The insect world is buzzing with superpowers!
Jumping on the superhero bandwagon, Messner and Nickell bring readers a fascinating and fun read that is heavy on action but light on the details. Designed like a graphic novel, the book introduces 18 insects that have extraordinary abilities. Along the way, readers learn about the biological classification system and a sampling of insect orders. Nickell’s illustrations keep the pages turning, as insects are presented as the superheroes (or supervillains) of the book: “The Decapitator” (also known as the Asian giant hornet) is surrounded by action lines and has thunderbolts of power emanating from its viselike mandibles. Other details, such as the benday dots backgrounding the yellow information boxes, create a subtle nod to comic books of old. Messner’s text flows smoothly in this action-packed format but suffers from its lack of space, and this compression may cause confusion, as when the text on the yam hawk moth vacillates between the generic and the specific. Other editorial choices are less than pleasing. The first scientific name mentioned includes a phonetic pronunciation guide, but none of the others do. The backmatter is anemic, consisting of a seven-book, two-website bibliography. Based on the format, the book will be popular, but be ready to recommend supplemental titles to readers who expect more than cursory information.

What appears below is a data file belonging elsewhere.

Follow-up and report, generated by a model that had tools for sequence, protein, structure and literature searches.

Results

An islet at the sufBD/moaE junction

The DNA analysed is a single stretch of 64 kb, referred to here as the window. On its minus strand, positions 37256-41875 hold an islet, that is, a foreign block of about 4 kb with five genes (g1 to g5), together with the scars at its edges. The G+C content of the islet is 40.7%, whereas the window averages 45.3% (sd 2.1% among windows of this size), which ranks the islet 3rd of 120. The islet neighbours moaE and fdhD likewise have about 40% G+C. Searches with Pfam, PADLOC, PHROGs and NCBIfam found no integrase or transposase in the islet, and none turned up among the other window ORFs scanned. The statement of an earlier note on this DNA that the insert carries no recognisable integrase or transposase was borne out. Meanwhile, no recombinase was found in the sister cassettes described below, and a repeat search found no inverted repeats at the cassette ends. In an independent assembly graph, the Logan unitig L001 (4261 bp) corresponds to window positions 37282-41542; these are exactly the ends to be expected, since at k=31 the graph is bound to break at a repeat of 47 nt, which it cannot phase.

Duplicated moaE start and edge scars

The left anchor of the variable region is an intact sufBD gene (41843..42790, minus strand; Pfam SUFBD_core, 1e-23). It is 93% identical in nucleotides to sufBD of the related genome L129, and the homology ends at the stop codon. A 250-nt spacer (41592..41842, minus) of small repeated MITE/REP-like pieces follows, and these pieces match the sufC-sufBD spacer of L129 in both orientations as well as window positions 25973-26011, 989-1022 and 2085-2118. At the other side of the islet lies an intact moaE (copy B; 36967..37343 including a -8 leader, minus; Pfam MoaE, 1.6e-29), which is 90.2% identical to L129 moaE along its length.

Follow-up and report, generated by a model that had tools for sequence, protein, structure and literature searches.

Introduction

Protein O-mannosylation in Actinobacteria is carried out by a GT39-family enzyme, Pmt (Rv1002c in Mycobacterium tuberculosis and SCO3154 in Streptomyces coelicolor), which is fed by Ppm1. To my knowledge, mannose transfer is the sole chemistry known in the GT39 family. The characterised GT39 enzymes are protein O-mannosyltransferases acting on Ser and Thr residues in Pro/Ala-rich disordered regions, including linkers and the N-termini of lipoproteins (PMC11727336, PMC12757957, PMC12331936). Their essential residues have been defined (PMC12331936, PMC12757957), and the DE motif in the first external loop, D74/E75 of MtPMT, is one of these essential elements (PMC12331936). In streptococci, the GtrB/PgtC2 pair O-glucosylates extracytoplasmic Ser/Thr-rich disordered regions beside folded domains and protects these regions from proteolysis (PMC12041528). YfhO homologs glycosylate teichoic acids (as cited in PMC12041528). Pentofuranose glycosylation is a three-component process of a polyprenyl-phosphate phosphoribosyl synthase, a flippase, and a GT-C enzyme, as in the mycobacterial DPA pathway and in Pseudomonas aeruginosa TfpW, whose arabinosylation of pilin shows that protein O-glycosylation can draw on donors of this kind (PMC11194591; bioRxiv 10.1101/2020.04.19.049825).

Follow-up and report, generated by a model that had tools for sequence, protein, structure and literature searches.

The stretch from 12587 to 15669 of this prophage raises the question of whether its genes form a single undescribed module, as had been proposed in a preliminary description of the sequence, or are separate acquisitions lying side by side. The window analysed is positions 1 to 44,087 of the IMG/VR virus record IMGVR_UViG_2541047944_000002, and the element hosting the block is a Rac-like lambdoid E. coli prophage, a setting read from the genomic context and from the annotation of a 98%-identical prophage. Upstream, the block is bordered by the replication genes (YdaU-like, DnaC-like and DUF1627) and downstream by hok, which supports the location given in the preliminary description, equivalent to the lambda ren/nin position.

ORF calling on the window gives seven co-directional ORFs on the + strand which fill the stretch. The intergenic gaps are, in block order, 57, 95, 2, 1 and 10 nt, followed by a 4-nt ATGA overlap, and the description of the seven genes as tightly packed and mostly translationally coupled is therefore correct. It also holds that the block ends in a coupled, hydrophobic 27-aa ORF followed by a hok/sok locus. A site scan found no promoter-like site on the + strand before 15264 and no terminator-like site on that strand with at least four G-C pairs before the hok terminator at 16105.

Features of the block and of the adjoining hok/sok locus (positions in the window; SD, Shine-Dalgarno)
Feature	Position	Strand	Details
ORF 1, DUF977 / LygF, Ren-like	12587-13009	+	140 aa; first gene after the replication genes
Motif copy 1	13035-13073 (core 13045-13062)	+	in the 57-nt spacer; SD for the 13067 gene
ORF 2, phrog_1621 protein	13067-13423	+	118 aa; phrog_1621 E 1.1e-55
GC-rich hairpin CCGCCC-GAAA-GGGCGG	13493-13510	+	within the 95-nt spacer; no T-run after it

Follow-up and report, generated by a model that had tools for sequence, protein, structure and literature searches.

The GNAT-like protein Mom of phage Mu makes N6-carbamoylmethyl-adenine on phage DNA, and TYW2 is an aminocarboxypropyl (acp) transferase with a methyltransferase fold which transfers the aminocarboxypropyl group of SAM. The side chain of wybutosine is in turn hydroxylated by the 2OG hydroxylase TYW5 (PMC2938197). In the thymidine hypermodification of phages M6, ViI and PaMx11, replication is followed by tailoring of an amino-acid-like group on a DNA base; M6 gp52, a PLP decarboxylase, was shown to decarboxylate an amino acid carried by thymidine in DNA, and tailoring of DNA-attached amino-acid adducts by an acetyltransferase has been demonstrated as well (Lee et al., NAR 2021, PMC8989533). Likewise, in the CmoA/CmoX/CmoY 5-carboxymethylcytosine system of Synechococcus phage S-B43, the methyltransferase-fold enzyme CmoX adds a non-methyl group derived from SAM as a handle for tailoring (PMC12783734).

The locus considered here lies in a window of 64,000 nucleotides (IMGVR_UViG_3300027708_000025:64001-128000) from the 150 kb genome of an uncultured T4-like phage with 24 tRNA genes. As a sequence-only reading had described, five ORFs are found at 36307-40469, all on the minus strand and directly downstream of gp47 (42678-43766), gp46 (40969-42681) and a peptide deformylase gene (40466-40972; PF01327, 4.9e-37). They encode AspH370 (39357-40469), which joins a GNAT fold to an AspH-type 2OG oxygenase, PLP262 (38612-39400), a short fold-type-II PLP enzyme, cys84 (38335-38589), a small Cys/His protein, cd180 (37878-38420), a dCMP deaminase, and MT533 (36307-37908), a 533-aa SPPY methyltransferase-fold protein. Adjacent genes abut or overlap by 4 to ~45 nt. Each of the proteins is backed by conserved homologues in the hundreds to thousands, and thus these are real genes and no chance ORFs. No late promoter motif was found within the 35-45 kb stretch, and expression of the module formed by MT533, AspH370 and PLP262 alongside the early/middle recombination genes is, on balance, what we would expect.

As flashy as a butterfly but needs a swarm of support. (Graphic nonfiction. 8-12)